More than one in four HR directors in Britain admit they have no formal policy to manage stress or anxiety, research has found.
Other studies, meanwhile, are highlighting that many workers feel overloaded and are working very long hours.
As a result, many fail to take their full holiday allowance or even take off the occasional day.
The survey of 200 HR directors by recruitment agency OfficeTeam found that one-third offered stress management training to all employees or access to counselling through private medical insurance.
Nearly one-third offered individual programmes "as needed", 7% had a formal policy, but only for senior management, and 28% had no formal policy.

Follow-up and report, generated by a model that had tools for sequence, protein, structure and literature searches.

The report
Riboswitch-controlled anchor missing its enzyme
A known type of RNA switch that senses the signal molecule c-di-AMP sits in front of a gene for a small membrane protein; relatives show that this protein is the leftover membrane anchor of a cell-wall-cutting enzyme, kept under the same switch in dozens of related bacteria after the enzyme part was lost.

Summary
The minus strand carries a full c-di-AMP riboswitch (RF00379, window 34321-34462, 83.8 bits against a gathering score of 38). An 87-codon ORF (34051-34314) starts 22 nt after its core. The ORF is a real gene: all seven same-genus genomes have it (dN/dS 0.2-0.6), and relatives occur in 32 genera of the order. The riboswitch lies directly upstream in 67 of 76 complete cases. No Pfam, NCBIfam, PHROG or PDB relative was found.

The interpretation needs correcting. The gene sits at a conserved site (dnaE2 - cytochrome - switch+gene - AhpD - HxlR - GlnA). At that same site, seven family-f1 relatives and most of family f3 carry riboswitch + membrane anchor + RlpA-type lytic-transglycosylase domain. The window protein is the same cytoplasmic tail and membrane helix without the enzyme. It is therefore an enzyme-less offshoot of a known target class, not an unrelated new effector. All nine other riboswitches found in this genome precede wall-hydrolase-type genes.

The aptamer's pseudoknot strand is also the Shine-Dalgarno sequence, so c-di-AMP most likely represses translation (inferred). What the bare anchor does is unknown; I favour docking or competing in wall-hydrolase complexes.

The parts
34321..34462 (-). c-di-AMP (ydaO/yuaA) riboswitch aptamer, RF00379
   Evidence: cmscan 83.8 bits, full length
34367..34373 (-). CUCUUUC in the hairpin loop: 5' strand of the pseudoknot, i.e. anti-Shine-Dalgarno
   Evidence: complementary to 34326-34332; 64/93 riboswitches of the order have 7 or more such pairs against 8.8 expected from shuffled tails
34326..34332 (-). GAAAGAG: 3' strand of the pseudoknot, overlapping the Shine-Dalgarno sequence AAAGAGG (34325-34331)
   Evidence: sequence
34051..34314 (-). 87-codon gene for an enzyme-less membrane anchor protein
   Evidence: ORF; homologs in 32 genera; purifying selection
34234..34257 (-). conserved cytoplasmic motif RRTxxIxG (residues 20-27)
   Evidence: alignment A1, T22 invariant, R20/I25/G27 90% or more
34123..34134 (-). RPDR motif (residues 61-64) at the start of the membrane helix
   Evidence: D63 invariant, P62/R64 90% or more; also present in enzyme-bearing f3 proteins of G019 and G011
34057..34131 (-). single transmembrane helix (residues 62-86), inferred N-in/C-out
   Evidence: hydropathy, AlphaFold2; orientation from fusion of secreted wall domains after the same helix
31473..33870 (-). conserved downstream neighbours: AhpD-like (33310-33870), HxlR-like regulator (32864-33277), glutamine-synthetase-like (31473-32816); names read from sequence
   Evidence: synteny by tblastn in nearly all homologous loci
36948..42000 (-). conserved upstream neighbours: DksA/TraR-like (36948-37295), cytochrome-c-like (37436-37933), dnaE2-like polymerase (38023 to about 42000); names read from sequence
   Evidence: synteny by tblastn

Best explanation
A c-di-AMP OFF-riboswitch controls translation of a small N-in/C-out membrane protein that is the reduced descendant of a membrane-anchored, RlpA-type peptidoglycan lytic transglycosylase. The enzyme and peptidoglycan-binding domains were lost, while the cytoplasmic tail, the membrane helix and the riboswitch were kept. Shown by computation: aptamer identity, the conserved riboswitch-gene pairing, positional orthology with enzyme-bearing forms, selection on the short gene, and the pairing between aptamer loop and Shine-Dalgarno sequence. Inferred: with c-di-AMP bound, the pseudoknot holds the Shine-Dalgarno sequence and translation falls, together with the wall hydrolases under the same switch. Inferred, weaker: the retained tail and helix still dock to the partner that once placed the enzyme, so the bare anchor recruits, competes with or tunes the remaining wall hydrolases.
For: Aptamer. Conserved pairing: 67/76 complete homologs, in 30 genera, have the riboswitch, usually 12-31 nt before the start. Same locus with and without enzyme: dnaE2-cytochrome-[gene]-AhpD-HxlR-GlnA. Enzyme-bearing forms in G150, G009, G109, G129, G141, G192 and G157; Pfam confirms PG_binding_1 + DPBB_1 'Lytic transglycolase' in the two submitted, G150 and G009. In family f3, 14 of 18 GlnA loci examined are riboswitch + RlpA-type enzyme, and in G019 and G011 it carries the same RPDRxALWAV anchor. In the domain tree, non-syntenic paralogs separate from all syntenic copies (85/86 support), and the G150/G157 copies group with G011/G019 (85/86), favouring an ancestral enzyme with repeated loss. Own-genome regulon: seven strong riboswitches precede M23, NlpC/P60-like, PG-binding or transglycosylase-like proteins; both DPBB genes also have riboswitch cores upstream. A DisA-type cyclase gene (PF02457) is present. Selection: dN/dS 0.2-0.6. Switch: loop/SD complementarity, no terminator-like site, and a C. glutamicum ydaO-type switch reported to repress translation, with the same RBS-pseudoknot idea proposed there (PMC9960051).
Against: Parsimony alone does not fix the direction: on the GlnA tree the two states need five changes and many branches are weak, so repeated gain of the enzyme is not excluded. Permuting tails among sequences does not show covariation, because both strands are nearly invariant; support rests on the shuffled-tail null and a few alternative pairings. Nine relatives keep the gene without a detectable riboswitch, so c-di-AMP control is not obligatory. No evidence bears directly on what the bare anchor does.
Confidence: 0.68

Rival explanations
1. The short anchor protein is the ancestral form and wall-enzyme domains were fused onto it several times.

Private-sector employees were most at risk of being overlooked, with their counterparts in the public sector and those in publicly listed firms more likely to have the benefit of a formal policy.
The research also found that more than one employee in 10 was failing to take their full annual leave allowance, with workers in Scotland and northern England most likely to skimp on holidays.
Phil Booth, director at OfficeTeam, said: "In addition to implementing formal programmes, employers should look at ways to help manage workloads, whether it's setting more realistic expectations or bringing in temporary employees to help manage critical initiatives or relieve backlogged departments."
A separate study by budget hotel chain Travelodge has identified a trend toward "nightcations", a reference to people who take a night off regularly to recharge their batteries rather than take a proper holiday.
The research found 37% of UK employees are forgoing a long holiday and are opting for "nightcation" breaks instead.
The survey also revealed that one Briton in 10 was doing the equivalent of an extra week's unpaid work each week due to job insecurity, equivalent to more than £157 billion of unpaid overtime every year.